New technology developments continue to appear at an accelerating pace, reshaping how business is done and who is doing it. No industry, including real estate, can escape the impact of these developments.
Will technology open pathways to new business opportunities? Will it streamline mundane aspects of your job? Will it facilitate client service and reduce transaction hurdles? The possibilities are limitless. For some agents, however, technology is also viewed as a threat, upsetting the status quo.
Staggering amounts of technology-oriented investment money are pouring into the real estate sector, targeting every aspect of the transaction and ancillary services. Does this mean your job is doomed for disruption?
No. Just as the first cell phones ushered in new communication options—along with new demands and expectations among clients—today’s technology will undoubtedly alter the landscape, presenting exciting new opportunities to the agents who are most ready and willing to embrace change.
On the other hand, agents who refuse to look forward, or ignore the evolving landscape, risk being left behind.
Preparing for the Future
The most successful agents will likely share two essential qualities—curiosity and a thirst for knowledge.
It’s not essential to develop an in-depth understanding of how different technologies work. It is, however, crucial to have a rich understanding of how technology can work for you.
Stay current on new products and how to leverage them in your real estate practice. Explore various ways technology can:
- Showcase your listings to a global audience.
- Facilitate cross-border communications.
- Automate certain job functions.
- Make you more effective at reaching the right people with your ads.
- Help you focus on your most promising leads.
These are just a few useful applications for real estate professionals. There are many others, either currently available or on the horizon.
Five Core Technologies
The building blocks that lay the groundwork for today’s increasingly sophisticated tech-enabled services include:
1. Artificial intelligence (AI) - intelligence demonstrated by machines which gain their insights from other technology building blocks, including those listed below.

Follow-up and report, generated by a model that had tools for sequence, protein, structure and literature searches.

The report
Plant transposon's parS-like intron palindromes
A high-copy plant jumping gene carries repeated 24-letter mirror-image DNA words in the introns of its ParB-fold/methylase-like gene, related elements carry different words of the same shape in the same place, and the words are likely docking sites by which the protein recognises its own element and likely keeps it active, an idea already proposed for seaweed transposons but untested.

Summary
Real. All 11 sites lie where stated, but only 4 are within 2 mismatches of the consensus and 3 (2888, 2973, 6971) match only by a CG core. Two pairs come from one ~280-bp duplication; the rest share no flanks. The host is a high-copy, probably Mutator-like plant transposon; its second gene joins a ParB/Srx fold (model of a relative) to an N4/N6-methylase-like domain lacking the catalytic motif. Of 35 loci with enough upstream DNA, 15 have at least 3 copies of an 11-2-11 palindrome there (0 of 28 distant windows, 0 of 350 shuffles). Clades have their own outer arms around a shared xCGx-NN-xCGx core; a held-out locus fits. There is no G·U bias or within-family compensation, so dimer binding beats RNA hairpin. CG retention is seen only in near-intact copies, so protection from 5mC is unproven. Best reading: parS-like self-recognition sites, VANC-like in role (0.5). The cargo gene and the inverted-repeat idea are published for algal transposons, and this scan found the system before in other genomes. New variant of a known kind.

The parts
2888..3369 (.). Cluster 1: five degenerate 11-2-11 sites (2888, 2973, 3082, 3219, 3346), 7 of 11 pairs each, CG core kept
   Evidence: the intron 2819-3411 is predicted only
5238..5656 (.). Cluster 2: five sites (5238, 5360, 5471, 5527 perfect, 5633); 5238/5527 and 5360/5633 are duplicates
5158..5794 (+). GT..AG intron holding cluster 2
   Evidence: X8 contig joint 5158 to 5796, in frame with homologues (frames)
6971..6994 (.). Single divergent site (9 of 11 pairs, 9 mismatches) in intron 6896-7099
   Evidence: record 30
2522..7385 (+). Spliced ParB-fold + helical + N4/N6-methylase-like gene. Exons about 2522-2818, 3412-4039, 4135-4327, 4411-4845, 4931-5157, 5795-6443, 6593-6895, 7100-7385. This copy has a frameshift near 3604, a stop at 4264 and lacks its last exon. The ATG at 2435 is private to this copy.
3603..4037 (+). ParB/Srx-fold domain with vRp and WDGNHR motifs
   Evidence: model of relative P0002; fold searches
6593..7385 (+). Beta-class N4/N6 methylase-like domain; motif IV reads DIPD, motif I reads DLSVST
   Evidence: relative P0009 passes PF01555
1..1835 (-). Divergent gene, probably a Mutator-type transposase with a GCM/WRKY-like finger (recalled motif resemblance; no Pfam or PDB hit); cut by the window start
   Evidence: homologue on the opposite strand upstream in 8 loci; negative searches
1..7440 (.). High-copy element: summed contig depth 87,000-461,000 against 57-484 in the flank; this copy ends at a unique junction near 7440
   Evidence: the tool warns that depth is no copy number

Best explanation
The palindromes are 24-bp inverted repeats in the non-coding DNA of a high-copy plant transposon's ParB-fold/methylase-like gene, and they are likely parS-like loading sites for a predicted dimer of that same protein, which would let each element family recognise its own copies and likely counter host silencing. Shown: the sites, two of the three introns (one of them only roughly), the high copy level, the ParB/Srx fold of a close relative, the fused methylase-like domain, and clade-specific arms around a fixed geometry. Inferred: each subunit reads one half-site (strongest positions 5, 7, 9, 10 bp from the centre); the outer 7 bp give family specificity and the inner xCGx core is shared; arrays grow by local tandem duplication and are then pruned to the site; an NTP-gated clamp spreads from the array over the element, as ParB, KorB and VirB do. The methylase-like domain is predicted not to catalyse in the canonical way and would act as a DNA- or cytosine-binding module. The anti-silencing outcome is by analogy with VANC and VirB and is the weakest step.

Artificial intelligence is a continuum, ranging from machines that excel at simple tasks (e.g., voice-activated controllers) to “super AI”—when machines theoretically become smarter than humans.
2. Augmented reality - digital images are layered over real-world images, creating a combination of real and virtual worlds. For example, a broadcast of a golf tournament may display lines that trace the flight of a ball across the screen.
3. Virtual reality - a simulated environment generated by computers. Current technology primarily relies on screen displays or visually immersive headsets, potentially augmented by other stimuli, like sounds or odors.
4. Predictive analytics - various statistical techniques such as data mining, machine learning, and modeling, are used to solve complex problems or predict behavior, such as when someone is likely to sell their home.
5. Computer vision - technology that helps computers “see” and understand what appears in recorded digital images or a live camera feed in order to take appropriate actions—for example, facial recognition at security checkpoints.
What About Blockchain?
Although blockchain is primarily used for buying and selling cryptocurrencies, like bitcoin, expect an uptick in real estate-related applications, including:
- Referrals - ReConsortia is an international, crowd-sourced real estate referral consortium using blockchain technology. It’s also a member of the 2019 Class of REACH® companies. reconsortia.com
- Smart contracts - Property transactions, including cross-border deals, can be completed faster and with less risk of fraud. San Francisco-based Propy is a leading example. propy.com
- Ownership shares - Thanks to tokenization, partial shares of significant real estate assets, such as a trophy building, can be sold to investors—who can, in turn, readily sell shares via secondary trading on an international market.
REACH® Technology Accelerator
In the U.S. alone, the real estate industry represents 15 percent of the economy, over $12.5 billion in ad spend, and 2.5 million related jobs, making it a can’t ignore industry for technology innovators.
Real estate professionals, however, shouldn’t sit on the sidelines, merely observing and adapting to new developments.
To help maintain agents’ central role in real estate transactions, NAR helped launch REACH®, a technology accelerator that accepts up to 10 companies a year and provides vital access to the real estate industry for valuable feedback and product development insights.1 Learn more at nar-reach.com.
Since 2013, 48 companies have graduated from the program. Seven new companies joined the 2019 class and will be exhibiting at the REALTORS® Conference & Expo in San Francisco this November.
Several NAR REACH® companies are introduced throughout this issue of Global Perspectives.
1 REACH® is a Second Century Ventures (SCV) company, a venture capital fund that operates independently (does not accept any revenue from NAR membership dues) and supports the development of technologies that are closely aligned with agents’ and brokers’ needs.